Peter is beginning to wonder, so he asks a vital question. “What is in it for me?” His actual words were, “What shall we have?” I have often heard this question of Peter’s condemned. Peter is accused of serving the Lord for the wrong motive. This may be true but still we must remember that he was serving. What right do we have to question the motives of a man who gave up his home, his business, his reputation, and his friends for Jesus? What have we given up? We live in comfortable beds and criticize a man with his head pillowed on a rock. We count our dollars and sneer at a man who gave up his source of income for Jesus. That man who lives a pure life for any reason whatever is better than the impure man. That man who tells the truth just because he is hell scared is still ahead of a liar. That man who follows Christ with a reward motive in mind is still better than the man who doesn’t follow.

Peter Asks a Permissible Question

I notice too that Jesus does not resent the question. There were questions he refused to answer and quibbles that he ignored. Examples of such are, “Make my brother share the inheritance with me,” and “What shall this man do?” But the question of Peter concerning future reward, he answers readily and in glowing terms. The men who sacrifice everything for the kingdom will receive back far more than they have given and in the end eternal life.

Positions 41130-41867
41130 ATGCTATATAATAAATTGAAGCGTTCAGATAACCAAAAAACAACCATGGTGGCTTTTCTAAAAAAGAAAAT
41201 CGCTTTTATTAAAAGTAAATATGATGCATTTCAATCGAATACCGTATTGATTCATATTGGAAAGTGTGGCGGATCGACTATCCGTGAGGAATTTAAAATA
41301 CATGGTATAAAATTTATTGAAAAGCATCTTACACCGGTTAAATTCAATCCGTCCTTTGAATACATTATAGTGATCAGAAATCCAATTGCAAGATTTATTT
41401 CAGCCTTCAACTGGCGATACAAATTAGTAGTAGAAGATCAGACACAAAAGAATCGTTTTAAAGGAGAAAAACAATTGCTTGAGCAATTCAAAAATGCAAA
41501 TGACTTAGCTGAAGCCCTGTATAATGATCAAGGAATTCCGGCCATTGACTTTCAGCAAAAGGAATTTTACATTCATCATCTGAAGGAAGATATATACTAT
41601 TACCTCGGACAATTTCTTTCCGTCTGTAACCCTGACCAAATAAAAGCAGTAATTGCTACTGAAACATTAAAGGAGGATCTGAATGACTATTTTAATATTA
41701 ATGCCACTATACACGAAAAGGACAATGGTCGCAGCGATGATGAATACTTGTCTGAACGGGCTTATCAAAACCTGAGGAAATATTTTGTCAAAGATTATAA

Eternal life is a theme not very popular today. When you do hear it discussed men try somehow to equate it with time. This is because men’s minds are centered on time. They savor the things that be of men. In the matter of morals men consider anything right that is in keeping with the times. Anything short of nudity is modest apparel because this is the age of abbreviated costumes. Anything short of fornication is permissible, whether the petting is done in time to music or not, because this is an enlightened age of freedom. This is the age when men are more concerned for the health of their temporal bodies than the future of their eternal souls. The doctrine that what is wrong in one age may be right in another has become very popular. I do not intend, at this time, to discuss this idea analytically. I simply point out that it exists to show you how completely men’s minds are taken over by time. Even preachers deal only in time and seem to forget about eternity altogether. But the Bible they profess to believe seeks constantly to call our minds away from time to eternity.

When Peter asked, “What shall we have?” he was asking a permissible question. It was a question he himself would later strive to answer in 2 Peter 3. It might be well if at this point we stopped and read that chapter. Let the glory that Christ offers seep into our hearts. Then perhaps we will be ready to contrast what little we can know of eternity with the fraudulent claims of time. We cannot contrast the things that be of men with the things that be of God. It is my purpose to say more of the eternal reward promised to the faithful but that will have to be done at some other time.